Is Mental Health Treatment Shifting to Primary Care Doctors?

May 05, 2016

A survey from the Centers for Disease Control and Prevention (CDC) has turned up a seeming paradox: More people with mental health problems have gained insurance coverage, but the percentage visiting mental health professionals has dropped off.

The new data raise the question of whether more of these patients are taking their troubles to primary care physicians instead.

The findings appear in a report issued yesterday by the CDC's National Center for Health Statistics (NCHS). Authors Robin Cohen, PhD, an NCHS statistician, and Emily Zammitti, MPH, an associate service fellow, analyzed data from the center's National Health Interview Survey on access and utilization for adults aged 18 to 64 years with and without serious psychological distress (SPD) in the past 30 days. SPD is a gauge of mental health problems severe enough to disrupt daily living and require treatment.

The survey uses the Kessler 6 nonspecific distress scale to identify individuals with SPD. The scale asks individuals how often in the past 30 days they felt:

  • So sad that nothing could cheer them up

  • Nervous

  • Restless or fidgety

  • Hopeless

  • That everything was an effort

  • Worthless

Individuals scoring 13 or higher on the 24-point scale were deemed to have SPD.

Dr Cohen and Zammitti found that the percentage of adults experiencing SPD in the previous 30 days has remained stable in recent years, nudging up from 3.2% in 2012 to 3.8% in 2015 through September. During that same time, the percentage of adults with SPD who lacked insurance coverage decreased from 28.1% to 19.5%, a not so surprisingly development, given the dramatic expansion of coverage under the Affordable Care Act (ACA) in 2014.

Likewise, the percentage of adults with SPD who needed mental healthcare in the previous 12 months, but could not afford it, declined from 33% in 2012 to 24.4% through September 2015. The problem of unaffordable prescriptions also shrank.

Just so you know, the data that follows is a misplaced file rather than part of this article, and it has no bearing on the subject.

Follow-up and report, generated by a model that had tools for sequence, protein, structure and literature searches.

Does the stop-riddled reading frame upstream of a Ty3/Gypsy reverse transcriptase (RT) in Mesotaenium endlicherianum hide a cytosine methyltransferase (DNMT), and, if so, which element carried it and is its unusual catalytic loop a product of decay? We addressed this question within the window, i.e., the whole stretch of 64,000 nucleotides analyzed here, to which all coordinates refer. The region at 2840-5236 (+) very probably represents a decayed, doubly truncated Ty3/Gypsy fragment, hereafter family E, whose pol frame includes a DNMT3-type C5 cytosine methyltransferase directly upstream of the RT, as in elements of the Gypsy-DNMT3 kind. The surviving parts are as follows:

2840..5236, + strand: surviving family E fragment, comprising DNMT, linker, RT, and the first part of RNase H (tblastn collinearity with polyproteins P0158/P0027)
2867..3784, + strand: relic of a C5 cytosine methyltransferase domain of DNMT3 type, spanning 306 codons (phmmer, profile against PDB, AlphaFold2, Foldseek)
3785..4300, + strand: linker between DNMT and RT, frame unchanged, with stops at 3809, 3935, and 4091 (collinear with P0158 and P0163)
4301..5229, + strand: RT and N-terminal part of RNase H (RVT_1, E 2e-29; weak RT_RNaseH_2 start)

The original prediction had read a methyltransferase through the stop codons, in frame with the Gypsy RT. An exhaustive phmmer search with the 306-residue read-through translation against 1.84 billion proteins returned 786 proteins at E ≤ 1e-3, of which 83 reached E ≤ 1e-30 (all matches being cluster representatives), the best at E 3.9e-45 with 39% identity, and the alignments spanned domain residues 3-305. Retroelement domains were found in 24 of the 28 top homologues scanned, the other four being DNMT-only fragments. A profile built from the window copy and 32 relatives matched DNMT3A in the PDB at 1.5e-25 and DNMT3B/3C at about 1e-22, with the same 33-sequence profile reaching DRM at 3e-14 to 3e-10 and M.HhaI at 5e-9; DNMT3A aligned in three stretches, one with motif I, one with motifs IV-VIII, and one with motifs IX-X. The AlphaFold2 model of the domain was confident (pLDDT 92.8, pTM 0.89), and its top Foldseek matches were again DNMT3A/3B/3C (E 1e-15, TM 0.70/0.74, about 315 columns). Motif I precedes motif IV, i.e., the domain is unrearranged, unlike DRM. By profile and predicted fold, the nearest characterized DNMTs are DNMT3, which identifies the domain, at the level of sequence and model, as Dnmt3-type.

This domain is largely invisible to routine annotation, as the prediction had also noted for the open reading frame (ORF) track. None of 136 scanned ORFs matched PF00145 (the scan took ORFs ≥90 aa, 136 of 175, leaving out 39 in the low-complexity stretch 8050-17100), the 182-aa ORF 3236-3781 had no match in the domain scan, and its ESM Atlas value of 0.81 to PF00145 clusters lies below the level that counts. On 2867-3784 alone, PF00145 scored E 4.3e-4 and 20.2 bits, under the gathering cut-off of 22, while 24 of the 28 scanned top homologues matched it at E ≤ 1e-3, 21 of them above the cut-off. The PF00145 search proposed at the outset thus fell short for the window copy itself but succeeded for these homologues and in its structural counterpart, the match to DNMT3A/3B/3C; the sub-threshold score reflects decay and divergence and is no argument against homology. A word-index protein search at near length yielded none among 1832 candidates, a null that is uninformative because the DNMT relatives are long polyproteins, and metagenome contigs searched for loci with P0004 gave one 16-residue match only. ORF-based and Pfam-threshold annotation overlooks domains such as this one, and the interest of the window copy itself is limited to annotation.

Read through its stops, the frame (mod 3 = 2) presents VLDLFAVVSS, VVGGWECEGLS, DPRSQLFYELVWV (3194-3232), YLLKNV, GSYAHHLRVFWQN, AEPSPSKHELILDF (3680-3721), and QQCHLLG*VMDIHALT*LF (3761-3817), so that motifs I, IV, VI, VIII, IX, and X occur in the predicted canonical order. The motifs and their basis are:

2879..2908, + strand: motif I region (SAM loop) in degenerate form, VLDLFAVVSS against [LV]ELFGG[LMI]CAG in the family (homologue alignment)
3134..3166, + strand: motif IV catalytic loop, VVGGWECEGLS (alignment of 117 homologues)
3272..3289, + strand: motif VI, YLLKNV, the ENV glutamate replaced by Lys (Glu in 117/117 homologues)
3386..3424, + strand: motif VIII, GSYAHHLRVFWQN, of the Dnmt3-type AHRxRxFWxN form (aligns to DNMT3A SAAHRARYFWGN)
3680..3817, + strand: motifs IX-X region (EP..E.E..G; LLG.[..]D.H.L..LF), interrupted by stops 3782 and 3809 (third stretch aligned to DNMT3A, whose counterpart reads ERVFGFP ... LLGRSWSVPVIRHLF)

Increased access to insurance coverage did not translate into more crowded waiting rooms for psychiatrists, psychologists, licensed counselors, and other mental health professionals. The percentage of adults with SPD who reported seeing a mental health professional during the previous 12 months decreased from 41.8% to 34.2% during the study period.

However, the percentage of these adults visiting some kind of healthcare professional for whatever reason held steady — 87.7% in 2012 compared with 86.6% in 2015 through September. This rate was slightly higher than the roughly 80% for adults without SPD that prevailed during that period.

Shortage of Mental Health Professionals May Help Explain Trend

In their report, Dr Cohen and Zammitti said that the shrinking percentage of adults with SPD who have seen a mental health professional in the previous 12 months could stem from a number of factors, one being "an increasing trend in obtaining mental health care from primary care physicians." That possible explanation also came to mind for Joel Miller, executive director and CEO of the American Mental Health Counselors Association.

In an interview with Medscape Medical News, Miller said he wonders if patients are visiting primary care physicians for mental health conditions, but not taking the extra step of seeing a specialist. "Maybe the primary care doctors are struggling to find mental healthcare [providers] to refer to," Miller said. That can happen, he said, in an age of narrow provider networks fielded by health insurers as a cost-savings response to the ACA. If there's no good referral choice inside the network, patients are faced with going out of network for a mental health specialist, which may be unaffordable.

Another possible and interlocking reason for the fall-off in visits to mental health professionals is that there aren't enough of these practitioners, write Dr Cohen and Zammitti. The authors could have buttressed that theory by footnoting a Washington Post story from last fall. The newspaper quoted Thomas Insel, MD, then the director of the National Institute of Mental Health, as saying that more than half of counties in the United States lack any kind of mental health specialist.

One shorthanded field is psychiatry, according to the physician recruiting firm Merritt Hawkins. It reported last year that the number of searches it conducted for psychiatrists between April 2014 and March 2015 hit an all-time high in the company's 27-year history. The shortage will only get worse, Merritt Hawkins said, because 48% of psychiatrists are aged over 60 years and closing in on retirement.

The CDC report is available on the agency's website.

Follow me on Twitter @LowesRobert


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